Brian Costa of the Wall Street Journal has some interesting figures in his latest column about the Yankees:
Through Wednesday, the average ratings for Yankee games on the YES Network were down 38% compared to the same period last season, according to Nielsen figures.
The drop is even more remarkable when you consider that last year’s ratings were the Yankees’ lowest since 2003.
In the stands, the trend has been similar, if not quite as pronounced. The Yankees are drawing an average home crowd of 39,103, still the fourth highest in baseball but a 6% drop from what it was over the same period in 2012.
The Yankees have been without most of their recognizable faces this year, namely Alex Rodriguez, Derek Jeter, Mark Teixeira, Curtis Granderson, so that is one explanation. Costa also notes that the team has had to compete with the Knicks, Nets, Rangers, and Islanders as all four made the post-season in their respective sports.
Ultimately, though, despite the Yankees’ ability to hang around first place in the AL East in the face of adversity, they do have a philosophical debate to address with Robinson Cano’s pending free agency. Is their attendance and viewership buoyed by the presence of marquee players? If so, Costa writes, they may feel that keeping Cano in town no matter the price and no matter the contract length is imperative.
Who says no-hitters can’t be just as fun when they happen during spring training?
Angels’ right-hander Bud Norris delivered two perfect innings on Friday night, paving the way for an eight-pitcher no-hitter against the Mariners at Tempe Diablo Stadium. Jose Alvarez, Cam Bedrosian, Andrew Bailey, Austin Adams, Drew Gagnon and Justin Anderson each filed a hitless inning of their own, leaving right-hander Abel De Los Santos to close out the ninth inning with just three pitches — and three game-saving plays by the defense.
Of course, it didn’t hurt that the Angels were facing a bevy of Mariners’ backups, rather than their starting lineup. In fact, Seattle’s lineup featured just two starting players — outfielder Leonys Martin and shortstop Jean Segura — while the majority of their everyday position players took on the Royals in a 4-3 win elsewhere in the Cactus League. The Mariners managed to reach base twice, first on catcher interference in the fourth inning, then on a four-pitch walk in the sixth, spoiling the Angels’ chances of turning their combined no-hitter into a combined perfect game.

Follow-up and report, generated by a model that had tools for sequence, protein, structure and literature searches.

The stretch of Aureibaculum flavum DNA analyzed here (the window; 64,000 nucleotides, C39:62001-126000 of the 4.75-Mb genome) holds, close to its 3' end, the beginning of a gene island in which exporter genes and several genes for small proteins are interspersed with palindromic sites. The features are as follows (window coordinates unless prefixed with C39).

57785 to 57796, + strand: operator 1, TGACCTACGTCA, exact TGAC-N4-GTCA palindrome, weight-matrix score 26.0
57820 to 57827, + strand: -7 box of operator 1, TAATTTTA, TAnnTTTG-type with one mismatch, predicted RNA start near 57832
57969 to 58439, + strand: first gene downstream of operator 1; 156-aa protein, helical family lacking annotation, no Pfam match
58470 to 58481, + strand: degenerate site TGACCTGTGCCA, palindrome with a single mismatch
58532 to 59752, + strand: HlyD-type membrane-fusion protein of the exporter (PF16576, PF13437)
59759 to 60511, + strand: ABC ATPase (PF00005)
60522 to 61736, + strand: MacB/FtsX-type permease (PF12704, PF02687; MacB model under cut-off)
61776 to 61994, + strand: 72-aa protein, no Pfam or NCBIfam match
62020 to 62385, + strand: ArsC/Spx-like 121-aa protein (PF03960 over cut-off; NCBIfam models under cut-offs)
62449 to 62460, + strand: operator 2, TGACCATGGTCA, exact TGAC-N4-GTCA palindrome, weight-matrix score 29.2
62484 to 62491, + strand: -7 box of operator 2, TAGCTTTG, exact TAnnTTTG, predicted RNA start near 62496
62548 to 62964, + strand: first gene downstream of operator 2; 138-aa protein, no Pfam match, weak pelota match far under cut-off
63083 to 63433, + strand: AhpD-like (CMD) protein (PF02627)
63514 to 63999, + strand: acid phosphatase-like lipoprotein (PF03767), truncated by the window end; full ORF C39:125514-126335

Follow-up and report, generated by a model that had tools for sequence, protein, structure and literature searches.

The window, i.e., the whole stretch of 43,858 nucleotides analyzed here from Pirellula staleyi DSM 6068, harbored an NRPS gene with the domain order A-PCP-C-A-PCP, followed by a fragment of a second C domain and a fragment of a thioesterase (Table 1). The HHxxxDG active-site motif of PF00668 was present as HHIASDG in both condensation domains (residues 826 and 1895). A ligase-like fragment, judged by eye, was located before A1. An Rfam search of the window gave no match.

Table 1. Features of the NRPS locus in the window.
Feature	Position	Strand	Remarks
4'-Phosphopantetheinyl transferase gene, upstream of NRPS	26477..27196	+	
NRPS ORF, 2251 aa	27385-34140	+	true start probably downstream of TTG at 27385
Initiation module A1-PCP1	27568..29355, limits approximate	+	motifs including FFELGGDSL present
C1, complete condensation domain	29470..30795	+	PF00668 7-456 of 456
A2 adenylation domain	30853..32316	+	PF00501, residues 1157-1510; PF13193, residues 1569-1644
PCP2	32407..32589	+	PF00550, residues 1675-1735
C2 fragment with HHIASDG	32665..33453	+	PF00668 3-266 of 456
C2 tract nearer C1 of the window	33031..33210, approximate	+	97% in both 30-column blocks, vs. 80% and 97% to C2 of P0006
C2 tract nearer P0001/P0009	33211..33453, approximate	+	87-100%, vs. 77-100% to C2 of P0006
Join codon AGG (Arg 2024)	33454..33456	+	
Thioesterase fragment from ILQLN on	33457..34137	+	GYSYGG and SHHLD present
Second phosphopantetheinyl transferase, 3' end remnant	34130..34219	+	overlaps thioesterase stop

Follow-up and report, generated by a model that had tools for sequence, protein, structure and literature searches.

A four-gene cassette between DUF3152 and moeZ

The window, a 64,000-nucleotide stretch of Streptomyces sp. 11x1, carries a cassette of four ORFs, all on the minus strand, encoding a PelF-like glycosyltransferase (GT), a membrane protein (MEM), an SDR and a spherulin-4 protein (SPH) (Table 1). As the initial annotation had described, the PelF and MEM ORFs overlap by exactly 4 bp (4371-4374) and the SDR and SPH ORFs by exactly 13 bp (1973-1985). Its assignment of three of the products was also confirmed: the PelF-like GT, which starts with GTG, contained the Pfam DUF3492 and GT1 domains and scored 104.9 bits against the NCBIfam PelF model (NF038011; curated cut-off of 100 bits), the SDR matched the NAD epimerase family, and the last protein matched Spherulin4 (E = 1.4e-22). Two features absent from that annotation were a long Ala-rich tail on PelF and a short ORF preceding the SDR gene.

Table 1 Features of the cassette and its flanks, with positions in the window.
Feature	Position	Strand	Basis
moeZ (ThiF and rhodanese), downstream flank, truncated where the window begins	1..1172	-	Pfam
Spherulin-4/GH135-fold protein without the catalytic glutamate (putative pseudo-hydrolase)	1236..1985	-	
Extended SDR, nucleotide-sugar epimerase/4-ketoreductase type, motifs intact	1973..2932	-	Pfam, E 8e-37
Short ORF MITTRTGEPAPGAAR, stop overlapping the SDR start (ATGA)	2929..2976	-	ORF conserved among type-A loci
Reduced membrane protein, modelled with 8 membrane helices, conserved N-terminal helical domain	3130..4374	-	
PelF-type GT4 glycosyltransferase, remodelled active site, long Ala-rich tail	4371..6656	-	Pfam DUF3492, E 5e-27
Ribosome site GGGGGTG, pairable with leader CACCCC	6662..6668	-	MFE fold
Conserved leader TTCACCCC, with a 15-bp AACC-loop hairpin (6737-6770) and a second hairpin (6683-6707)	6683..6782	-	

Still, whether it’s executed in spring training or the regular season, against an All-Star lineup or one comprised of minor leaguers, a no-hitter is a no-hitter. The team’s eight-pitcher effort marked the first spring training no-no the Angels had completed since 1996, when they took on the Giants in a 15-0 showdown. Unfortunately for the 1996 squad, their regular season ended with a 70-91 record, good for last place in the AL West. Perhaps this no-hitter will prove a better omen for the coming season.
Rangers’ bullpen candidate Tanner Scheppers left Friday’s Cactus League game with pain in his “lower half,” according to reports by Evan Grant of the Dallas Morning News. The specifics of the right-hander’s injury have yet to be determined, but he was accompanied by the athletic trainer when he exited the game and is scheduled to undergo an MRI on Saturday.
Scheppers, 30, has a long history of elbow and knee injuries. He missed all but 8 2/3 innings of the 2016 season after undergoing a procedure to repair torn articular cartilage in his left knee. While he appeared healthy enough through his first seven appearances this spring, he failed to impress with three runs, five walks and six strikeouts over 7 2/3 innings with the club.
Should Scheppers find himself on the disabled list for another lengthy stay, MLB.com’s T.R. Sullivan speculates that his absence could clear some room in the bullpen for Rule 5 draft pick and fellow righty Mike Hauschild. Hauschild, 27, has dealt seven runs, five walks and 15 strikeouts through 17 1/3 innings in camp.